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Classical archtitecture

Rhythm and ‘cues’

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Music creates order out of chaos: for rhythm imposes unanimity upon the divergent, melody imposes continuity upon the disjointed, and harmony imposes compatibility upon the incongruous                                                                                                     Yehudi Menuhin

This is an exercise that I show to my first year architectural history students, in the attempt to have them understand some of the values inherent to the knowledge of architectural history. This reasonably iconic Wellington building, when analysed in relation to the rhythm of its fenestration and major vertical elements, I argue, is a good example of notions of symmetry and rhythm in Classical architecture, which are strongly (perhaps jarringly?) juxtaposed here with a more modern development arising from the old (it is not difficult to distinguish the two).

The new development does, however, reference the rhythm of the building upon which it is based, but not in a sympathetic, or even ‘harmonious’ manner. The question is, when reduced down to the basic elements such as this, is the attempt facile, or is it very clever and appropriate to contemporary ideas of architecture, and, perhaps, the irony of ‘sympathetic’ interventions to ‘heritage’ buildings and/or streetscapes? I’m actually yet to decide…

When the actual building is revealed (which it is after the break if you have not guessed it by now), it becomes impossible to judge it objectively when presented by the awful¬†kitschiness¬†of its Postmodernised Classical motifs – but I think there is worth in attempting to do so… Read More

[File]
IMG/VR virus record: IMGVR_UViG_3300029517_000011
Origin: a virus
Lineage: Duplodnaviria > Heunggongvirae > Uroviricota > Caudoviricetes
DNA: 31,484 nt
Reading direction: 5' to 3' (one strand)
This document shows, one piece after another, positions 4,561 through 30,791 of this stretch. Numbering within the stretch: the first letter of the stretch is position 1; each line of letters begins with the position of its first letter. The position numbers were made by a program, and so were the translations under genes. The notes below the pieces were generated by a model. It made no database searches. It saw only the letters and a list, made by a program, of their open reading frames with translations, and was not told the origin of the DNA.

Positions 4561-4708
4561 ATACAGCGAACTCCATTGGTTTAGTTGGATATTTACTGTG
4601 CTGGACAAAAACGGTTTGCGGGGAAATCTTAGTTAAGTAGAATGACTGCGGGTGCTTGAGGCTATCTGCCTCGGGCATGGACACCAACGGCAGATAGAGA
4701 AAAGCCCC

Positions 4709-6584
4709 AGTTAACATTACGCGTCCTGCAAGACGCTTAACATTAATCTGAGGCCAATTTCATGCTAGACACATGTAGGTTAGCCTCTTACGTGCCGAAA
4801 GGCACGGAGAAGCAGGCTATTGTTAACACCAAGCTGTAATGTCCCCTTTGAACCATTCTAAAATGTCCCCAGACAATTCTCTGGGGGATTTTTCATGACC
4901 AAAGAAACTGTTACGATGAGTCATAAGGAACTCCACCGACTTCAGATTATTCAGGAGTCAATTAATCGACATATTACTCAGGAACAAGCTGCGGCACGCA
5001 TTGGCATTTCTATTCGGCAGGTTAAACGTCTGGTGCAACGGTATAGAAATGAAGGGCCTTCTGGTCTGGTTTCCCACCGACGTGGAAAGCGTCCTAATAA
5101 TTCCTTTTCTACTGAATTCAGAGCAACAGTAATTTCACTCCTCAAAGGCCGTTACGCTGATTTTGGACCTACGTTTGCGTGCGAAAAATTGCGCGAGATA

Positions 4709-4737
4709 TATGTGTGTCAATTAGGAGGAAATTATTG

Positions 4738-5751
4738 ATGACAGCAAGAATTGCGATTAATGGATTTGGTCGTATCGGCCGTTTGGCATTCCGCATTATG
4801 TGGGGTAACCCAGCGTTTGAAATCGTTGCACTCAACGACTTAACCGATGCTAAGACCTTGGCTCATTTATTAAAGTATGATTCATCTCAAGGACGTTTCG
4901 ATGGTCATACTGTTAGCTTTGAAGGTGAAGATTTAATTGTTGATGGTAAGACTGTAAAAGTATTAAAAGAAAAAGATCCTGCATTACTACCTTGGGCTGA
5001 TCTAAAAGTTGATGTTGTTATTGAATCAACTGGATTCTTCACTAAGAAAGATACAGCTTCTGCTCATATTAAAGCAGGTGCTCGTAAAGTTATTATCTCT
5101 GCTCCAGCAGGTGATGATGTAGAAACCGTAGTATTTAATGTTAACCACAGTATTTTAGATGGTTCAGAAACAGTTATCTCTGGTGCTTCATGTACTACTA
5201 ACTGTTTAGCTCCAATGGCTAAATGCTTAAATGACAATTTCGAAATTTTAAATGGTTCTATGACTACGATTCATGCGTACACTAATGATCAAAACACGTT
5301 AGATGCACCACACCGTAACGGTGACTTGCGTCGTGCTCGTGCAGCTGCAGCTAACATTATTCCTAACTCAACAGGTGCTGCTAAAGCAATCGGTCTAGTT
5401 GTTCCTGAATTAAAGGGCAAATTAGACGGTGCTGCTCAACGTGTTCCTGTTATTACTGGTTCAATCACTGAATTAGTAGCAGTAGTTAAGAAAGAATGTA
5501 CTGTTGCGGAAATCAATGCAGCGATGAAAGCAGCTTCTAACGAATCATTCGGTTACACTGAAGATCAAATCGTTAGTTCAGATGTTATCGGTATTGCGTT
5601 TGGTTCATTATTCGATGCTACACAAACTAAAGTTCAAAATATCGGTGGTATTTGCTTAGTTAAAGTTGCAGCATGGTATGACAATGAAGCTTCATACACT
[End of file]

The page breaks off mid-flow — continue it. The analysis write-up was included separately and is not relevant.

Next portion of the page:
Architectural reasons for dumping the Monarchy…?


Poundbury Fire Station, England: HRH Prince Charles, 2009

Unfortunately the Guardian article that brings this rather strange contemporary building to our attention is dated 31st of March – so I have to assume that it isn’t some April Fool’s Day prank. This is, according to the article, the Prince of Wales’ first attempt at architectural design – a fire station in that weird little¬†phenomenon: Poundbury.

Now, there has been some discussion over at the Fish, relating to the employment of Classical architectural language by various regimes throughout history, but HRH’s uptake of the style is much more bizarre than a simple architecture-as-propaganda¬†motive. Here the Prince seems to be waxing nostalgic for a bygone era of – not royal power – but strictly mannered gentility: a romantic yearning for a bygone era that only ever existed for¬†the¬†few who had the good fortune to be born into nobility…

It’s kind of sweet really (the yearning, not the building) – but¬†what are we to make of this out here in the Dominion of New Zealand, whose Head of State may well end up being Prince Charles? Yes, the role is largely symbolic, but does his utopian conservatism¬†symbolically¬†align with our own self-styled egalitarianism? And what of architectural taste? Perhaps we should have invited the Prince to design our Supreme Court (now there would be a symbolic gesture!) – I am sure he would show us colonials a thing or two about domesRead More